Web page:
by Karen Bojar
The Philadelphia Commission for Women held its 3rd Annual Summit for Women and Girls at La Salle University on Friday, March 15. The commission was created by an amendment to the Philadelphia Home Rule Charter, initiated by Councilwoman Blondell Reynolds Brown and passed by the voters in 2015.
The commission is comprised of 10 people appointed by the mayor and 17 appointed by each member of City Council. Its missions is to make recommendations that advance gender equality to the mayor, City Council and public policy makers.
Organized around the theme, “Our Voices … Our Power,” the summit included sessions on health and wellness, financial literacy, self-esteem and leadership development. The first plenary session was well-received by a largely young and enthusiastic audience with speakers LaTosha Brown of the Black Voters Matter Fund, Gisele Baretto Fetterman, Pennsylvania’s Second Lady, and Rep. Elizabeth Fiedle of Pennsylvania’s 184th District.
Fetterman’s description of growing up as an undocumented immigrant was particularly moving. She was told by her mother not to draw attention to herself, to be as invisible as possible – in sharp contrast to LaTosha Brown’s and Elizabeth Fiedler’s message to the young girls in the audience to raise their voices and aim high.
A major theme of the conference was the shocking racial disparity in maternal and infant mortality, an issue that the Philadelphia Commission for Women has worked to bring to the attention of policy makers and the general public. In a breakout session, “The Reality of Maternal Mortality,” Rep. Morgan Cephas,(192nd District) said the state’s health care system was not meeting the needs of women of color, noting that the high proportion of African-American maternal and infant deaths cuts across socioeconomic lines. Philadelphia’s 8th District Councilperson Cindy Bass has introduced a resolution to hold hearings on this issue at Philadelphia City Council.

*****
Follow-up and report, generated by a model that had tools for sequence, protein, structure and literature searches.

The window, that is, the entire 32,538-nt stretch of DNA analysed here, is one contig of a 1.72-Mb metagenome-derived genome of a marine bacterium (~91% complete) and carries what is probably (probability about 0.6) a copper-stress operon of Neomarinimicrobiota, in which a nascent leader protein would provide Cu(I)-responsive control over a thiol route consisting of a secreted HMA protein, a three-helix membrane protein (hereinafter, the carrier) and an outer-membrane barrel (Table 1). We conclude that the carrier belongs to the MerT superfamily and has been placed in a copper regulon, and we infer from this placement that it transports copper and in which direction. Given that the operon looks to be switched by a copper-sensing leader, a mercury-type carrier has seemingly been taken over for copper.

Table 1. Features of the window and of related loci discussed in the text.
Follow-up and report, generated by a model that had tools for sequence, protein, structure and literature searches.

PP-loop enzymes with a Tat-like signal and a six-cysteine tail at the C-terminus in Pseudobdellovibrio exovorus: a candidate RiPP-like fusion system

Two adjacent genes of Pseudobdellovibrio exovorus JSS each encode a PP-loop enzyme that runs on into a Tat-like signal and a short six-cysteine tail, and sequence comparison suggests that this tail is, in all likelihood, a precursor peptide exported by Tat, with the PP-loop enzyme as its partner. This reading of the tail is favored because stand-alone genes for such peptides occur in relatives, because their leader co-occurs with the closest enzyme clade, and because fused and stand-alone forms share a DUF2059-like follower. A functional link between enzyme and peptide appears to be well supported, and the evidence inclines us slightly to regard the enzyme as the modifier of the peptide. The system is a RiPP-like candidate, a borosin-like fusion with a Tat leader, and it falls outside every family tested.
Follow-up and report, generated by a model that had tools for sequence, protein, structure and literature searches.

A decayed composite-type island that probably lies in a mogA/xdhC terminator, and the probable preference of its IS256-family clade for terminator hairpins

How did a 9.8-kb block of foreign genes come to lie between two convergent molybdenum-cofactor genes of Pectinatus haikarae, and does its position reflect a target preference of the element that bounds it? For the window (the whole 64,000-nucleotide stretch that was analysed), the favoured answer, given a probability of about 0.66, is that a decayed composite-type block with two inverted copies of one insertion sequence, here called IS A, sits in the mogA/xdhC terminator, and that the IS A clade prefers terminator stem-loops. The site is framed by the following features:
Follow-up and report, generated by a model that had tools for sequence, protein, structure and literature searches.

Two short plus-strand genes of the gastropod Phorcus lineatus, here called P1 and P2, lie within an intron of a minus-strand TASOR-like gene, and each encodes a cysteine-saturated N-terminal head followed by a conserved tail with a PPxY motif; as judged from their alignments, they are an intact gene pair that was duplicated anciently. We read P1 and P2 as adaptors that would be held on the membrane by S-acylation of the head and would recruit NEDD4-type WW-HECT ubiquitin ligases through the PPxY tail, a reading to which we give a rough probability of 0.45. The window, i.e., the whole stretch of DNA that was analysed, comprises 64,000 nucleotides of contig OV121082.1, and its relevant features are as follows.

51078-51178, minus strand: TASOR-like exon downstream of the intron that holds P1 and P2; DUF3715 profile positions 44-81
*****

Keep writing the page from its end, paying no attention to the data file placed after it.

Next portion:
In another breakout session, Feminista Jones, author of “Reclaiming Our Space: How Black Feminists are Changing the World from Tweets to the Streets,” also drew attention to racial disparities in infant and maternal deaths as one of the many reasons black women have every right to be angry.
Despite persistent problems, however, many speakers also emphasized there was much to celebrate, with more women serving in elected office than ever before and, as the session “Never Too Young to Break Barriers” demonstrated, young women have become leaders in sports, education and community service.
The Summit concluded with an inspirational speech from City Councilperson Blondell Reynolds Brown, who will be retiring at the end of her term. She emphasized that “women who lead must make it a practice to mentor at least one promising one young woman they can coach and prepare to accept the torch.”
From the executive director of the Philadelphia Commission for Women, Jovida Hill: “It’s gratifying to be able to provide a platform for the city’s women and girls in an environment of encouragement, enlightenment and empowerment. We broke our own record this year, with more than 100 girls from schools and mentoring programs across the city. That the summit grows with each year tells us that there is a thirst for this opportunity for women and girls to come together to uplift one another.”